Is state Islamophobia coming to a UK classroom near you?

We cannot allow our schools to become seeding ground for this latest wave of state Islamophobia, says Max Rosenberg.

The National Union of Teachers conference attracted front page headlines over Easter for its stand on Prevent, the government so-called ‘anti-extremism’ strategy. Previously a voluntary scheme, Prevent has now become statutory under the Counter Terrorism Act (CTA). The union conference position represented a beacon of principle against state Islamophobia.

Since January, we have seen a steep rise in anti-Muslim racism: a wave of demonising coverage followed the Charlie Hebdo murders; a political and media backlash was mounted against CAGE, the human rights organisation for Muslim prisoners; Theresa May announced new Tory manifesto pledges including the power to close Mosques and religious ‘supplementary’ schools. May declared ‘game over’ for ‘non-violent extremists’ while Nigel Farage referred to a Muslim ‘fifth column’ out to kill us. Meanwhile the election campaign is panning out to be the most racist in decades.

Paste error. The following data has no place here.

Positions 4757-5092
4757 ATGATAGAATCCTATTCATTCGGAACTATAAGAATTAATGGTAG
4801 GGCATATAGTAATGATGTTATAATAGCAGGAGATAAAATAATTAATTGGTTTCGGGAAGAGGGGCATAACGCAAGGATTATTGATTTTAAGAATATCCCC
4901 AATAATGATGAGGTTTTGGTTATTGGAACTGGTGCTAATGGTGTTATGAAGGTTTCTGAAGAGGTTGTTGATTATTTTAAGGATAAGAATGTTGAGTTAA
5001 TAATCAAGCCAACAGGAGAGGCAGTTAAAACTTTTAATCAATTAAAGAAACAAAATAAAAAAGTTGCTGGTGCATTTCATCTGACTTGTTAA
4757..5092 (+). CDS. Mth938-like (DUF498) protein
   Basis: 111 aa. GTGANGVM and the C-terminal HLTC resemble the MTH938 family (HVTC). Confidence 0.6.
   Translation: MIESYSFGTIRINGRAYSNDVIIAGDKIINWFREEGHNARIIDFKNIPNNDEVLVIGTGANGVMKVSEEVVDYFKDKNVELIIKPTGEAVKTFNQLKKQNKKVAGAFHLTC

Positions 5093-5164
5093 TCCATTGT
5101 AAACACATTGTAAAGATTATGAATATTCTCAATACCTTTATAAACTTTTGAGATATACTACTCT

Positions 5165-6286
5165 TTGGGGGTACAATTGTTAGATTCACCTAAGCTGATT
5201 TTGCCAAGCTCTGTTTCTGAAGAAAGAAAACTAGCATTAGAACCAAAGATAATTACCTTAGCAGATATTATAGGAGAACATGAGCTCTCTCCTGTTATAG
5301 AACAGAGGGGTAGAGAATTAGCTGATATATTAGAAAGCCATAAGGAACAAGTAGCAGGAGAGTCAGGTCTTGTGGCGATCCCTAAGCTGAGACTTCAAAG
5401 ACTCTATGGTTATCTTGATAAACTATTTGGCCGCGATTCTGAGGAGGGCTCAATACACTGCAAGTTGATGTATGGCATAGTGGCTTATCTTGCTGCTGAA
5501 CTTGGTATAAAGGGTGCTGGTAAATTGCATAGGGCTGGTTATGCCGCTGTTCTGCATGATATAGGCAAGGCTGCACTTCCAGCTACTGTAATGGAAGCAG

Not surprising then that teachers’ delegates gave example after example of Muslim students refusing to express their opinions for fear of being labelled extremist. NUT conference heard how whole classes shut down in silence at the mention of Charlie Hebdo and students would not admit they found the cartoons offensive in case they were reported. Prevent officers have told teachers that a student who goes on a demonstration against the bombing of Gaza should be treated as a suspect; even charitable work for Palestine has been challenged. This is the tip of a growing iceberg.

Jan Nielsen, NUT delegate from Wandsworth, told the conference, “We are really being expected to be the frontline storm troopers, who listen, who spy, and notify the authorities about students that we may be suspicious of”.